Three basic balance drills that will improve your technique and make you a better swimmer.

A couple of months ago I wrote a post about how to become a faster swimmer.  I said that the most important thing that every swimmer should work on in order to get faster is technique.  In swimming technique is everything.  To improve technique swimmers need to include specific drills into their workouts and work on those drills every time they swim.  In my post I didn’t give any specific examples of drills.  This post will describe a couple of what I consider the most important basic balance drills.  These drills will lay a good foundation for further improving your technique.  The first two drills require a snorkel so you don’t have to think about breathing and only concentrate on your body position and balance.  It’s important to do these drills in the order specified:

1.  Head lead flutter kick.

Head lead drill
Start kicking on your chest, head down, arms by your hips.  You need to look down at the bottom of the pool and may be little bit ahead.  Make sure your neck is long and straight.  You need to train your head to always be in the same straight position.  Kick like this 4 x 25s and take as much rest as you need between 25s.

Q – What is my head doing during this drill?
A – Your head stays in the same position during the entire drill.  It is not moving at all.

2. Side to side.

Start the position described in step 1 but this time rotate your body 90 degrees to a side.  Your head position does not change, you still need to look down at the bottom of the pool with your chin almost touching the shoulder.  Start kicking, do 6 kicks on one side, then rotate your body (not the head) to the other side. Now your chin is almost touching the opposite shoulder, you’re still looking down. Do another 6 kicks and rotate again, then repeat the whole cycle.  Initiate the rotation with your hips.  Most likely, you will feel the urge to “help” with you arms or hands, but don’t.  There should be no arm/hand movement at all.  To help isolate the arms, you can put them on your thighs and keep them pressing the thighs.  You can also wear fins.  Remember, the key here is to be able to rotate with your hips.  Swim 4 x 25s working on this drill.

Q - What is my head doing during this drill?
A – Your head stays in the same position during the entrie drill.  It is not moving at all.

3. Log roll – no snorkel.

Start this drill exactly like you start “side to side” but after the first body rotation, do 6 kicks, then turn your head 180 degrees in the same direction as your body.  Now you’re looking straigt up and almost touching the oposite shoulder (you can breath now).  Reember to keep your neck straight and long.  Then do anouther body rotation but in the same direction as the first rotation.  Then rotate your head 180 degrees again in the same direction as your body and look straight down.  You just finished a 360 degrees rotation.  Keep rotating this way till you reach the other wall.  On the way back, rotate to the other side.  To clarify, here is an order of your rotations, each rotation is 180 degrees.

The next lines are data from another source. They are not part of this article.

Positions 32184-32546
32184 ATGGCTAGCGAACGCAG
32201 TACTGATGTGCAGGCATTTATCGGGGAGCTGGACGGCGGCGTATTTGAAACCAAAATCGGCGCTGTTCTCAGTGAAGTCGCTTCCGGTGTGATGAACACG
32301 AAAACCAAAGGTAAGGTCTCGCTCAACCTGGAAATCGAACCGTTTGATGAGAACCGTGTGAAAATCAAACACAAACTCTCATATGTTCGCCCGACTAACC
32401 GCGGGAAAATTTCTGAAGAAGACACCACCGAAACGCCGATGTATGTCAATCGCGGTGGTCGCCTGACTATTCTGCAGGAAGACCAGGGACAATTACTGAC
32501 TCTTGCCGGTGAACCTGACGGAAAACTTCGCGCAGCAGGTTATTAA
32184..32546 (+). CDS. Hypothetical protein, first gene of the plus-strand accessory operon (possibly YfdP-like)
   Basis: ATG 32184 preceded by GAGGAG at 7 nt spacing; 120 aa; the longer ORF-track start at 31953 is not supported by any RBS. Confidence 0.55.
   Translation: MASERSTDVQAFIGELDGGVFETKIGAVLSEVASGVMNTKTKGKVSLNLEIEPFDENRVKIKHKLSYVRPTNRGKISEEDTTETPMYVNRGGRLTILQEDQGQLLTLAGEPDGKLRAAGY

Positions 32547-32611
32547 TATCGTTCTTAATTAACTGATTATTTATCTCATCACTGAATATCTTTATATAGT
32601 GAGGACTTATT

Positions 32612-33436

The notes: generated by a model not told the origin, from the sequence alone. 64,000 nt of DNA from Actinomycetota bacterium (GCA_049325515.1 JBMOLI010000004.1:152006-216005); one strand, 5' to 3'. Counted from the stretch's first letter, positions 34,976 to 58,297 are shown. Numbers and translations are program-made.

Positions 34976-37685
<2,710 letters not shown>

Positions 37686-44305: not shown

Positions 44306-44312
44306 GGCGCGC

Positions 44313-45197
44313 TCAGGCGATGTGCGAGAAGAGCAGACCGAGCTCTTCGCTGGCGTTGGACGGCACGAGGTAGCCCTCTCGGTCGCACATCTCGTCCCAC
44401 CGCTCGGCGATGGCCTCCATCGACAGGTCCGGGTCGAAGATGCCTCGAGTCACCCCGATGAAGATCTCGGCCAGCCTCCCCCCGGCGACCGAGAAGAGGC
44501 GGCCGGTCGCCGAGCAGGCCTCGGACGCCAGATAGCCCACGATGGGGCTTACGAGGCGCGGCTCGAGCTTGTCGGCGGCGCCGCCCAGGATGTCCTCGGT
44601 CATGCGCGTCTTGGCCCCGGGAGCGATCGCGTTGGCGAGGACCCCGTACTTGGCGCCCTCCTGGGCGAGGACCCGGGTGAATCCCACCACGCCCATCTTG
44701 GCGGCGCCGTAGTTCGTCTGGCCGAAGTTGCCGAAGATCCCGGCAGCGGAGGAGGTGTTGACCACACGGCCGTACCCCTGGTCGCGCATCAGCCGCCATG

body -> head -> body -> head

Q – What is my head doing during this drill?
A – Your head followes the body rotations.  It rotates in the same directin as your body but it is rotating on its own, not along with the body.

Now repeat the entire drill progression again :

  • 4 x 25 head lead flutter kick
  • 4 x 25 side to side
  • 4 x 25 log roll

Things to pay attention to while doing these drills:
1. your body position is straight, no bending or arching.
2. your neck is long and straigt.
3. you are looking down at the bottom of the pool, NOT at the wall ahead of you or the wall behind you.
4. your arms and hands are completely isolated (no movements with your arms or hands)
5. body rotations are initiated with your hips
5. you have a constant kick to keep you from sinking.

Don’t expect quick results.  It will take time to feel comfortable doing these drills.  If you do these drills every time you swim, I guarantee your balance will improve and you’ll become a faster, more efficient swimmer.

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